Sweden's Supreme Court greenlights extradition of man to Turkey: Media
The man would be the first PKK supporter to be extradited by Sweden to Turkey.
Sweden's Supreme Court has given its approval for the government to extradite a man accused of supporting the Kurdistan Workers' Party (PKK) to Turkey, a key demand by Ankara to ratify Stockholm's stalled NATO membership, media reported on Tuesday.
The ruling means that it's now up to Sweden's government to decide on whether to extradite the man, the newspaper Aftonbladet reported, adding that he would be the first PKK supporter to be extradited by Sweden to Turkey.
In Sweden, the government makes the final decision on extradition requests but cannot grant a request to another state if the Supreme Court rules against it.
According to Aftonbladet, the court reached the decision last week and comes just as the two countries are due to discuss Sweden's stalled NATO application after the re-election of Turkey's President Recep Tayyip Erdogan.
The 35-year-old man was sentenced in 2014 to four years and seven months in a Turkish prison for transporting a bag containing cannabis, the newspaper indicated.
He was released on parole and moved to Sweden but was arrested in August last year following a request from Turkish prosecutors who want him to serve the rest of his sentence.
The newspaper pointed out that the man claims the real reason he is being sought by Turkish authorities is due to his affiliation with the pro-Kurdish Peoples' Democratic Party (HDP) and for having shown support for the PKK, a group blacklisted by Ankara.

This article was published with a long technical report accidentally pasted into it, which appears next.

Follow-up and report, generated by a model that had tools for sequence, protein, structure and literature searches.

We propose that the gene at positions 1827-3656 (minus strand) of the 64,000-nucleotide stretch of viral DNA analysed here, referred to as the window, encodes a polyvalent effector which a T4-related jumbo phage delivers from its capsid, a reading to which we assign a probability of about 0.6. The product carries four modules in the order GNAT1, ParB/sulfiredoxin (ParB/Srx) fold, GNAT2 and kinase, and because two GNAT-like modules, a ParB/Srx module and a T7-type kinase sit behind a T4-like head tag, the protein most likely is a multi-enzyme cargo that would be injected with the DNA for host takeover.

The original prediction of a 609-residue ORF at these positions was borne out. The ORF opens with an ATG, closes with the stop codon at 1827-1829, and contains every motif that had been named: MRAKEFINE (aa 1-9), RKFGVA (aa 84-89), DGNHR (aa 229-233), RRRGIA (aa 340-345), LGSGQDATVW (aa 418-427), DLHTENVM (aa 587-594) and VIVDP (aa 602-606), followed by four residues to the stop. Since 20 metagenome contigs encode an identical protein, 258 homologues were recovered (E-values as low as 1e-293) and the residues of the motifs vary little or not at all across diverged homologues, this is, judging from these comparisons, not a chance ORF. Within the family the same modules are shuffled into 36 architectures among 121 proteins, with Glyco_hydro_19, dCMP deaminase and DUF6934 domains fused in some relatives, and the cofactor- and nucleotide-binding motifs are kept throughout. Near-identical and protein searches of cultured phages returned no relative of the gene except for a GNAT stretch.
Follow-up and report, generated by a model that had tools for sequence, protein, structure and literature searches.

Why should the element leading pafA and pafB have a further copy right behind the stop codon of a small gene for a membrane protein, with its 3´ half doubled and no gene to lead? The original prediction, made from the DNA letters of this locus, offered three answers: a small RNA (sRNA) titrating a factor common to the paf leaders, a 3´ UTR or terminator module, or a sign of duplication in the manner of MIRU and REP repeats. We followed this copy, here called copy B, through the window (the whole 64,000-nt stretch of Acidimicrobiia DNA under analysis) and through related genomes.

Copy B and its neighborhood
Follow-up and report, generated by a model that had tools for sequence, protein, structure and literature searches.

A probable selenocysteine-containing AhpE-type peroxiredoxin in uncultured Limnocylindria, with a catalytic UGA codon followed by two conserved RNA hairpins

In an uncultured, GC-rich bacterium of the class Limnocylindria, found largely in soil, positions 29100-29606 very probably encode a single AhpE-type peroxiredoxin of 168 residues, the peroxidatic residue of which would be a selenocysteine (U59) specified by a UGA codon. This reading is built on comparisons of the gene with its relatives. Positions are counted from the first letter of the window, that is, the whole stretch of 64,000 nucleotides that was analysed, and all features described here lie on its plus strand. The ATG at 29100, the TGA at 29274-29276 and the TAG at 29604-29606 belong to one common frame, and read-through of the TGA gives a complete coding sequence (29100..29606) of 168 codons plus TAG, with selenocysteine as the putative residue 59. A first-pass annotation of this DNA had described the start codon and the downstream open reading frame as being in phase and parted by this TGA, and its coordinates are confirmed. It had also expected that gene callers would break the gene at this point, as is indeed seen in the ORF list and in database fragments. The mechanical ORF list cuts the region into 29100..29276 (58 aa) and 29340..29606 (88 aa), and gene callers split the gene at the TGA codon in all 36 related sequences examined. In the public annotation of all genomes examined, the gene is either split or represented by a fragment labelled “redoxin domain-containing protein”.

According to Aftonbladet, the court noted in its decision that it had asked the Turkish prosecutor if there were ongoing investigations or charges against the man regarding "propagating for terrorist organisation" or "insulting the Turkish president," which the prosecutor denied.
Turkey and Hungary are the only NATO member states yet to ratify Sweden's bid -- which requires unanimous ratification.
Erdogan has so far blocked Sweden, accusing Stockholm of being a haven for "terrorists", especially members of the PKK.
Ending two centuries of neutrality and military non-alignment, Sweden and neighboring Finland announced bids to join NATO in May 2022, in the wake of the war in Ukraine.
While Sweden's bid still faces opposition, Finland managed to become the 31st member of NATO on April 4.